Thesis
Full-text available
This thesis primarily examines wind energy policy and development through the lens of local acceptance and environmental justice in Ontario and Nova Scotia, Canada. It has been argued that encouraging more participatory planning alongside introducing financial benefits, can powerfully shape local responses. With little in the Canadian context to su...
Article
Though there is a growing literature on the value of participatory siting processes for increasing local acceptance of wind energy development, there has been much less unpacking of how residents view the siting process itself. We explore differences in the ways governments and developers enact planning and how this impacts both acceptance/support...
Technical Report
Full-text available
This toolkit is meant as a relatively high-level lay summary of some of the key findings from Chad Walker’s (Western University) PhD research which looked specifically at the social responses to facility siting processes for wind energy development in Ontario and Nova Scotia, Canada. In Ontario, opposition to wind turbines has grown in recent years...
Chapter
Health geographers are increasingly turning to a diverse range of interpretative methodologies to explore the complexities of health, illness, space and place to gain more comprehensive understandings of well-being and broader social models of health and health care. Drawing upon postmodernism, many health geographers are concerned with issues of r...
Article
Full-text available
This article explores the legal framework and resulting social tensions related to renewable energy development in Ontario, Canada. Under the Green Energy and Green Economy Act 2009, the government of Ontario has helped to create a successful, growing base of renewable electricity in the province. Despite successes in terms of increased procurement...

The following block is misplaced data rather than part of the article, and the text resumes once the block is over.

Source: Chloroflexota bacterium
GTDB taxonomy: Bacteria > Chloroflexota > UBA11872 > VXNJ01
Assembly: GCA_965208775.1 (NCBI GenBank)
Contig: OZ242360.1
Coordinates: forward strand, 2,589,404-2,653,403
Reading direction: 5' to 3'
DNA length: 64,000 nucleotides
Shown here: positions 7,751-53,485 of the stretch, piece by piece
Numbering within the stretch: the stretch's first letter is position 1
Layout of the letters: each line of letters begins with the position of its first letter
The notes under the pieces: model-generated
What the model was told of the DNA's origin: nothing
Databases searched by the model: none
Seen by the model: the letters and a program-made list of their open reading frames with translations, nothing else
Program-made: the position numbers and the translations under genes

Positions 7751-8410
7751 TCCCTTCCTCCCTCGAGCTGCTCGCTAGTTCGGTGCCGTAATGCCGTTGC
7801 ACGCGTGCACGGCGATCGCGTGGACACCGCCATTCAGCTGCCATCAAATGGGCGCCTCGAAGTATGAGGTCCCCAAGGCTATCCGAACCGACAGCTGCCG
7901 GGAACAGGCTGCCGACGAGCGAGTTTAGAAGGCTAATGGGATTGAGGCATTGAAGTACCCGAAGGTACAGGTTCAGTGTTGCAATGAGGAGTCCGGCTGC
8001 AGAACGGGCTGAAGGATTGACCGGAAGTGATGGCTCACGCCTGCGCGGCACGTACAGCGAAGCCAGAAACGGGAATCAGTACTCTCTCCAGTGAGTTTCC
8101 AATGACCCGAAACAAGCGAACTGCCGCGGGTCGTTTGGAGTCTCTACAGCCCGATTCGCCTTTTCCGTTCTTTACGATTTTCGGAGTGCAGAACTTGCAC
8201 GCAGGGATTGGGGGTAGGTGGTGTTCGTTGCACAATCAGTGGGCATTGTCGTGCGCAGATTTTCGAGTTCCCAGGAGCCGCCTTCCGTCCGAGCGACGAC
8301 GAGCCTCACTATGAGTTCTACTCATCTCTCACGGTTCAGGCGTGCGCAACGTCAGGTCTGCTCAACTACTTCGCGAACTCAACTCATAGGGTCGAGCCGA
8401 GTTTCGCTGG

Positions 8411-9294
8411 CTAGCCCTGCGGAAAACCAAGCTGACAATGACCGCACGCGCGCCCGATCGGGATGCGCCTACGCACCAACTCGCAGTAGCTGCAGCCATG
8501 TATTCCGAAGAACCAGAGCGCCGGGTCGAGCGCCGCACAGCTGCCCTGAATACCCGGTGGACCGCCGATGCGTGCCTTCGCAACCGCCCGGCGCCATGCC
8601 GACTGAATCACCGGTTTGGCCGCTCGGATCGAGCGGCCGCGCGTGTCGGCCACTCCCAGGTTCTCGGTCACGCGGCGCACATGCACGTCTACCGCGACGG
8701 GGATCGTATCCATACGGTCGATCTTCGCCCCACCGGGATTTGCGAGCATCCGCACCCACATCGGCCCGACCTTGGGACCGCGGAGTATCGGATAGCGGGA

Research
Full-text available
A thesis submitted in partial fulfillment of the requirements for the degree in Master of Arts at Western University (Canada).
Article
Full-text available
This paper focuses on public concerns about real estate value loss in communities in the vicinity of wind turbines. There are some conflicting results in recent academic and non-academic literatures on the issue of property values in general—yet little has been studied about how residents near turbines view the value of their own properties. Using...
Article
Full-text available
The literature concerning local opposition to wind turbine developments has relatively few case studies exploring the felt impacts of people living with turbines in their daily lives. Aitken even suggests that such residents are subtly or overtly cast as deviants in the current literature. Our mixed-methods, grounded-theory case study of two commun...
Thesis
Full-text available
This thesis addresses a major gap in the wind turbine and risk assessment literatures. It explains local support for wind energy in some areas in spite of vocal opposition in others. Findings from Port Burwell and Clear Creek, Ontario indicate that social and contextual forces may help explain much of the difference in opinion between the two commu...

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Projects (2)
Archived project
The purpose of the proposed project is to create toolkits for dialogue (e.g., a rapid assessment survey; case scenarios) for potential turbine "host" communities and wind energy developers to improve turbine facility siting by better: 1) addressing equity in benefits negotiations and; 2) minimizing intra-community conflict. The toolkits will be informed by the mixed-method research conducted by Walker looking at siting practices and local responses to development in rural communities in Ontario and Nova Scotia, Canada. The toolkits themselves will be unveiled as part of a Workshop in December 2016 at Western University. More information about the project can be found here: http://coarep.uwo.ca/study1.php